From the Editor

Deprescribing: When trying for less is more


 

References

I often hear patients plead, “I take so many pills! Can’t any be stopped?” These patients can be of any age, but most are older. As I scroll through their listed medications, attempting to reconcile the list with reality, it seems that many patients have accumulated medications the same way an old barge has accumulated barnacles, port by port, doctor visit by doctor visit. In some cases, I have to ask the patient or search the electronic medical record (EMR) to understand why a drug was prescribed by another physician. Was that antidepressant for depression, anxiety, poor sleep, or restless legs? Is it working? For medications I may have added in the past, I ask if the drug is still doing what I prescribed it for. If the patient’s answer leaves me unsure of the drug’s ongoing efficacy, I question the patient further about any minor ill effects or financial burdens from continuing the medication.

Sometimes the answer is straightforward—the pills were started to reduce knee pain, but the pain is still there. But sometimes if I suggest stopping a drug, I get surprising pushback from the patient: “But the pain may be worse without those pills.” And it can be hard to assess whether a medication has attained its therapeutic goal, such as when a drug is given to prevent or reduce the occurrence of intermittent events (eg, hydroxychloroquine to reduce flares in lupus, aspirin to prevent transient ischemic attacks). Unless a medication has been given sufficient time to have its effect and has clearly failed, we often have to trust its efficacy because those events might be more frequent if the drug were stopped.

In this issue of the Journal, Kim and Factora discuss a difficult scenario—discontinuing cognitive-enhancing therapy in patients with Alzheimer dementia. The stakes, hopes, and anxiety are high for the patient and caregivers. These drugs have only modest efficacy, and it is often difficult to know if they are working. To complicate matters, dementia is progressive, but the rate of progression differs among individuals, making it harder to be convinced that the drugs have lost their efficacy and that discontinuation is warranted in order to reduce the side effects, cost, and pill burden. Similar challenges arise for similar reasons when considering discontinuation of antipsychotics or other drugs given for behavioral reasons to elderly patients with dementia. 1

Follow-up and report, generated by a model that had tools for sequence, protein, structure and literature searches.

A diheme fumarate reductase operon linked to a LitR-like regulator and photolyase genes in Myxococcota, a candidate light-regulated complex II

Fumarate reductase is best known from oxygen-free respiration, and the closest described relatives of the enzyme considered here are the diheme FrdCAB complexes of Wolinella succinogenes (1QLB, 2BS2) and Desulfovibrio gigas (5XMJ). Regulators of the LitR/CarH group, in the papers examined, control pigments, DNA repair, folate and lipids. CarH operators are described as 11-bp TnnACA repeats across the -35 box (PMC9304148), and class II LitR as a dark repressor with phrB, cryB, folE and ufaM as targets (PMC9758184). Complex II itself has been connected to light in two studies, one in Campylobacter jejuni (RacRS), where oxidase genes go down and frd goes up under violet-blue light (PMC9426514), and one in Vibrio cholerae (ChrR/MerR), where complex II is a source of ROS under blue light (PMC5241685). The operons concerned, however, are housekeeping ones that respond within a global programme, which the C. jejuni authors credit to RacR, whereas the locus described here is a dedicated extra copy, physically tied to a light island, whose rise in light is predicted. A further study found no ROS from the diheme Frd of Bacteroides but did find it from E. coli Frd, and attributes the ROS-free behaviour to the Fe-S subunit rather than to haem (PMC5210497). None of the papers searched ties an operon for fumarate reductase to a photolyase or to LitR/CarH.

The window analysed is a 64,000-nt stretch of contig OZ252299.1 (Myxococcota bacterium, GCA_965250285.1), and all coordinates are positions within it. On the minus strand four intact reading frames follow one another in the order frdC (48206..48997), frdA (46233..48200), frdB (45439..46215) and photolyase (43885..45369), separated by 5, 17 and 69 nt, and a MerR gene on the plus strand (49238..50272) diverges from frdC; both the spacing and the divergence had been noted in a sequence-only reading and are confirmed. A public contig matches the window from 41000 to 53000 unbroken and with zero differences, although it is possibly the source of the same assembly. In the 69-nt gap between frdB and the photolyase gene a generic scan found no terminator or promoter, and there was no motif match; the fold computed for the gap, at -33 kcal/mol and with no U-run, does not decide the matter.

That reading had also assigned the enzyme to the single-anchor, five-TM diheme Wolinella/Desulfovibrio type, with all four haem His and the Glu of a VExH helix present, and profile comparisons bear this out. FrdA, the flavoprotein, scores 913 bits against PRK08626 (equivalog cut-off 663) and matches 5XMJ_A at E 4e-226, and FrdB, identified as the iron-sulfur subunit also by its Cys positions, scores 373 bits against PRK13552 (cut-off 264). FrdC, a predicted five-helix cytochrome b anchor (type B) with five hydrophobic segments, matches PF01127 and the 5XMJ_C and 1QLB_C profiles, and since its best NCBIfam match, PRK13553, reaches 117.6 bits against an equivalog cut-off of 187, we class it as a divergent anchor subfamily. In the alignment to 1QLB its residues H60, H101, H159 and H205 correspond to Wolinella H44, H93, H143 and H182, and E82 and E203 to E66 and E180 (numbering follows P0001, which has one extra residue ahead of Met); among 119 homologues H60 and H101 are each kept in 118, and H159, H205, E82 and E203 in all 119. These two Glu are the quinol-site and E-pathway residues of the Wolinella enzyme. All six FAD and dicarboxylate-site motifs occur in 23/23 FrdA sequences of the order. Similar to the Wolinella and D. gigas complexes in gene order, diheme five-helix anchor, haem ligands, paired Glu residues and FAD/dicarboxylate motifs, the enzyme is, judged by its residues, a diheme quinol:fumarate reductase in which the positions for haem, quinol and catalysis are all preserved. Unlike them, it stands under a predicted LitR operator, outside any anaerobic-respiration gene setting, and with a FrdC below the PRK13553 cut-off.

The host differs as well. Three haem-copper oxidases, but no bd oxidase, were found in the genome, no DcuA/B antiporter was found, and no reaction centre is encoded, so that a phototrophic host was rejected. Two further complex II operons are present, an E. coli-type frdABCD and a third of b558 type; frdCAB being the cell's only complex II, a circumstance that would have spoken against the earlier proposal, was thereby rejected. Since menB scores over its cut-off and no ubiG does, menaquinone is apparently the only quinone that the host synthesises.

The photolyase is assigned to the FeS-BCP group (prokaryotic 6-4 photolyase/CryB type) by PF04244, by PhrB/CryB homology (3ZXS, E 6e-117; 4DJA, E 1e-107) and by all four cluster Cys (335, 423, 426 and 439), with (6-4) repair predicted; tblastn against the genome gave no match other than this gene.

The issues surrounding downsizing medication lists—or deprescribing—extend far beyond patients with Alzheimer dementia. A disease may have progressed beyond the point where the drug can make a significant impact. Patients often develop tachyphylaxis to the newer protein drugs (biologics for rheumatoid arthritis, inflammatory bowel disease, psoriasis, or gout) due to the generation of neutralizing antidrug antibodies. At some point the patient’s life expectancy becomes a factor when considering medications directed at preventing long-term complications of a disease and the increased likelihood of significant adverse effects in patients as they age (eg, from aggressively prescribed antihypertensive and antidiabetic drugs). For drugs such as bisphosphonates, alkylating agents, and metoclopramide, complications of cumulative dosing over time should be considered a reason to discontinue therapy.

The take-home message from this article is to create opportunities to periodically revisit the rationale for all of a patient’s prescriptions, and to make sure patients are comfortable knowing why they should keep taking each of their medications. While revisiting a patient’s prescriptions may indeed reduce the medication burden, I believe it also enhances adherence to the remaining prescribed medications. The medication reconciliation process requires more than simply checking off the box in the EMR to indicate that the medications were “reviewed.”

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